One Ring to Surveil Them All: Hacking Amazon Ring to Map Neighborhood Surveillance
10:56PM Jul 26, 2020
Hello and welcome back to the hope 2020 conference, we have with us today delivering the One Ring to surveil all hacking Amazon ring to map neighborhood surveillance with Dan cellucci, who is a PhD student at the Media Lab at MIT in Boston, and he's here right with us. And we're gonna get right into your welcome. And we're going to go right into his video. All right, stay with us and we'll see for q&a right up. Hi,
I'm Dan falacci, and I'm a PhD student at the Media Lab at MIT. And for the past year or so, I've been looking at thinking about and collecting data on surveillance cameras that people have been installing on their front doors. And to start.
To give you an idea of why I think this is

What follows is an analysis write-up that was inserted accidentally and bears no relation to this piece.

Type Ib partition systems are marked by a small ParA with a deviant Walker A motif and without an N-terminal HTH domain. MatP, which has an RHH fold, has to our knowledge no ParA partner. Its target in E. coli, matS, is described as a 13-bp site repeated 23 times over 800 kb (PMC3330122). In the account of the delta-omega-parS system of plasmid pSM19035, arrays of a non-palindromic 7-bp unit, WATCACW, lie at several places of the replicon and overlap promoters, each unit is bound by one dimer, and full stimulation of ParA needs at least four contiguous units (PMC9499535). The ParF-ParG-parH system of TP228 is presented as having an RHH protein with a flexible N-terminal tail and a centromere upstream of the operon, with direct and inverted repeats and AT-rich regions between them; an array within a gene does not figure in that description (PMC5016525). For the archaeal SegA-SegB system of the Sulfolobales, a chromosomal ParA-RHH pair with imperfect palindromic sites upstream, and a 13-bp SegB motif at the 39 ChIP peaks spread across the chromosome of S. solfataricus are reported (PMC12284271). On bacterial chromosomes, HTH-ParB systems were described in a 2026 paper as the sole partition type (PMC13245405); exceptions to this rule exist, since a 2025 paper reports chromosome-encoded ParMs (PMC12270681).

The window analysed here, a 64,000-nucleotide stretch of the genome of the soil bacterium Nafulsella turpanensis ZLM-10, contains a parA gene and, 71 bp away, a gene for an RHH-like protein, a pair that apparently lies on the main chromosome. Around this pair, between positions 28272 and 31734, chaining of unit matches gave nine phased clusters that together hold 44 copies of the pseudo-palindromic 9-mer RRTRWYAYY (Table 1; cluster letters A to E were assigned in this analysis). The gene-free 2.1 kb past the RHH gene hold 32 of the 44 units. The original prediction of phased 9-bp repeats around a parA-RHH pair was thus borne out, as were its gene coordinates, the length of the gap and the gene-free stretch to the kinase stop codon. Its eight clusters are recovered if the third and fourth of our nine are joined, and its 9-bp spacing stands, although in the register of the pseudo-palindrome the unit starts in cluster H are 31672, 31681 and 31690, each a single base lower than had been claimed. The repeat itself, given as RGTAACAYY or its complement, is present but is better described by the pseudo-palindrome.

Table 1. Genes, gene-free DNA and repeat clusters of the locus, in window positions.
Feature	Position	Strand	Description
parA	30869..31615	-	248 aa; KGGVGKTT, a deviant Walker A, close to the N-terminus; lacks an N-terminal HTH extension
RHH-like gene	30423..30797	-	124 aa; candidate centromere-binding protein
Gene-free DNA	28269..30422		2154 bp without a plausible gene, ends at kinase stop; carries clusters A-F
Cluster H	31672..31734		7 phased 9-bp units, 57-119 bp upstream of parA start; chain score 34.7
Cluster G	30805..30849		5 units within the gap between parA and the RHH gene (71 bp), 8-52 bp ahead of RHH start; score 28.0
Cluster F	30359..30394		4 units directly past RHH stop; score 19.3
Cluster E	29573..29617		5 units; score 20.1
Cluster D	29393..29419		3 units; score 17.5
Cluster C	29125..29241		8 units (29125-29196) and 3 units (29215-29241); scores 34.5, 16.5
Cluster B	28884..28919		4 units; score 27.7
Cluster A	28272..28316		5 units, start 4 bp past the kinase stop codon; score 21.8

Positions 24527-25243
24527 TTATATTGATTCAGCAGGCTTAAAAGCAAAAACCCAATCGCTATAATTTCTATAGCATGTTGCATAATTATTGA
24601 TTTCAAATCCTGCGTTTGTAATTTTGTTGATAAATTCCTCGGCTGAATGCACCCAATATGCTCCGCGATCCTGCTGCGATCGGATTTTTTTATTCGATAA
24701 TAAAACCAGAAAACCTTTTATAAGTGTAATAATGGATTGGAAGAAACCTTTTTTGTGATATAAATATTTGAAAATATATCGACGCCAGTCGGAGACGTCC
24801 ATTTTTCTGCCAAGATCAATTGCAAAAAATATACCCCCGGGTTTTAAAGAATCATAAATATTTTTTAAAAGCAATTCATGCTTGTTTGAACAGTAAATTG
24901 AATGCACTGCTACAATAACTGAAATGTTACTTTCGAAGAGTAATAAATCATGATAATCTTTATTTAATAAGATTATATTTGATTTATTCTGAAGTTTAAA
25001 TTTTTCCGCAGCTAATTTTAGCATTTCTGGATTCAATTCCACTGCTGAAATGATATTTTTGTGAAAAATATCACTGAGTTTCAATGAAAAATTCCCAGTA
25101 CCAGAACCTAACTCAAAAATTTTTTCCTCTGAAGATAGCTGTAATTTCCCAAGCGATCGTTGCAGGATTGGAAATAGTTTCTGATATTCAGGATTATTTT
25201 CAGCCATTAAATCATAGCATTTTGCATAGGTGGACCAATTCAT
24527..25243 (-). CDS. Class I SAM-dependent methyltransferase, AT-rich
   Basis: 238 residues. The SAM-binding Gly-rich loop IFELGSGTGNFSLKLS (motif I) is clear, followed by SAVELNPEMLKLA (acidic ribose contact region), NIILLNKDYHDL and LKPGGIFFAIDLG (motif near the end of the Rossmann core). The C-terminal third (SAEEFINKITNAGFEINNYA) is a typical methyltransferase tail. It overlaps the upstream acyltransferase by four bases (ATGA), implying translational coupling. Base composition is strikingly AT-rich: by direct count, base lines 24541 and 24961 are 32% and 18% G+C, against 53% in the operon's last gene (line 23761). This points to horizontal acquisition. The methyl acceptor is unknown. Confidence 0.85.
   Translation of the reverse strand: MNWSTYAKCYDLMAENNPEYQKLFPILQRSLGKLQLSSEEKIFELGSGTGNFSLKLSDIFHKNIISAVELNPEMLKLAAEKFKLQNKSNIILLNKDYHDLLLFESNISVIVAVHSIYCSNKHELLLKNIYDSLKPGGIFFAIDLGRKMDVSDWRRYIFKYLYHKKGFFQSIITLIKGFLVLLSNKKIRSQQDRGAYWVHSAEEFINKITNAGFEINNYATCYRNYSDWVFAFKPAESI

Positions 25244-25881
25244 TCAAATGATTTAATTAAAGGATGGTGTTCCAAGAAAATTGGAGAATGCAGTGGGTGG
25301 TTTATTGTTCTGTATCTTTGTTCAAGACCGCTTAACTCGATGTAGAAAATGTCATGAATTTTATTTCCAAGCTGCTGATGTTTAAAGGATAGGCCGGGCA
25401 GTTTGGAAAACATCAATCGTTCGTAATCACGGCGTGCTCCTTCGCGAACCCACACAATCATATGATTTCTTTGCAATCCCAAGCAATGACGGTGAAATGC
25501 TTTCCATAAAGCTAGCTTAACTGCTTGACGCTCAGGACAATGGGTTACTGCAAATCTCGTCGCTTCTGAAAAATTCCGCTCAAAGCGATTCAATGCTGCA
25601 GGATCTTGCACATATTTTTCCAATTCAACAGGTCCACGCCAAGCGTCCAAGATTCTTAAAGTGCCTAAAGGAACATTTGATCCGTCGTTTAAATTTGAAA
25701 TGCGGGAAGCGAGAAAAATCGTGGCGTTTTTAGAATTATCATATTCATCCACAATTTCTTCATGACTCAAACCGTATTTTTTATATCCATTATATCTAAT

a problem and sort of the breadth of the whole thing. I just want to ask everyone a few questions they're rhetorical so just keep them in your head. Do you live in a city in the United States, in particular, do you take regular walks around your neighborhood. And have you ever knocked on a friend's door, and notice one of these sort of weird rectangles with a camera on the top. And if the answer to really any of those questions is yes, and you live in the United States, then chances are your video has been taken, without your knowledge or consent by the fastest growing private surveillance network in America. This, you know, to give you an idea of the breath I'm going to zoom out a little bit and show you the route that I took to get to the train every morning before locked down. Now this is kind of boring at first, but when I walk on this route and I really pay attention and look for those rectangles. Here's how many of these cameras that I pass, and they're all owned by the same parent company, again, and they're all recording me on that walk because they're motion activated and their cameras right there sitting on the front porch of houses and not just recording a porch, they often record the entire street and. So, on this one mile route the longest stretch of time that I'm not being surveilled is only about a 10th of a mile. And this is a route that I walk at least two times a day when I'm commuting regularly. And to zoom out even further and give you a peek at what we've been able to do with data that we've collected from the platform. Here's a map of all the cameras that I've been able to detect in my metro area, Boston, so you can see this is sort of a wide problem. And so, obviously, this parent company here is, Amazon, who bought ring, the company that first popularized these devices in 2017. And, yeah, the same Amazon that has a horrible track record on selling face recognition to cops and the same Amazon that's also the wealthiest company in the world. Today I want to tell you about why the spread of these cameras is a quietly growing threat to civil liberties nationwide share how he was able to map out part of this growing surveillance network. And I want to touch on some of the ongoing problem projects that this mapping has enabled. So, first off the bat, I want to show you what ring in the neighbors app looks like so this whole thing is grounded in some reality. Some of you might already know all this so just bear with me a little bit. So this is the ring neighbors app for my neighborhood. When you sign up, you give them your home address, and it uses that to define a relevant area around your home. You can edit it, make it bigger, smaller etc. And then that area defines the kinds of posts that you see on your main feed, and that feed is really like any other news feed like Facebook or Twitter. But the posts here are automatic crime alerts posts from rings editorial team or pretty commonly posts from your neighbors with videos recorded from their cameras, or just text that they posted to the app. So this post that I saw yesterday is a great example of what ring seems to be often used for. It's a video taken from a doorbell literally down the street from my house. And you'll notice sort of initially that it's not capturing the person's doorstep, like I mentioned earlier, although rings policy, really clearly states that you have to orient your cameras to only record space in your property, most cameras capture wide swaths of public street, it's sort of impossible not to when you have a doorbell just facing straight out of your house.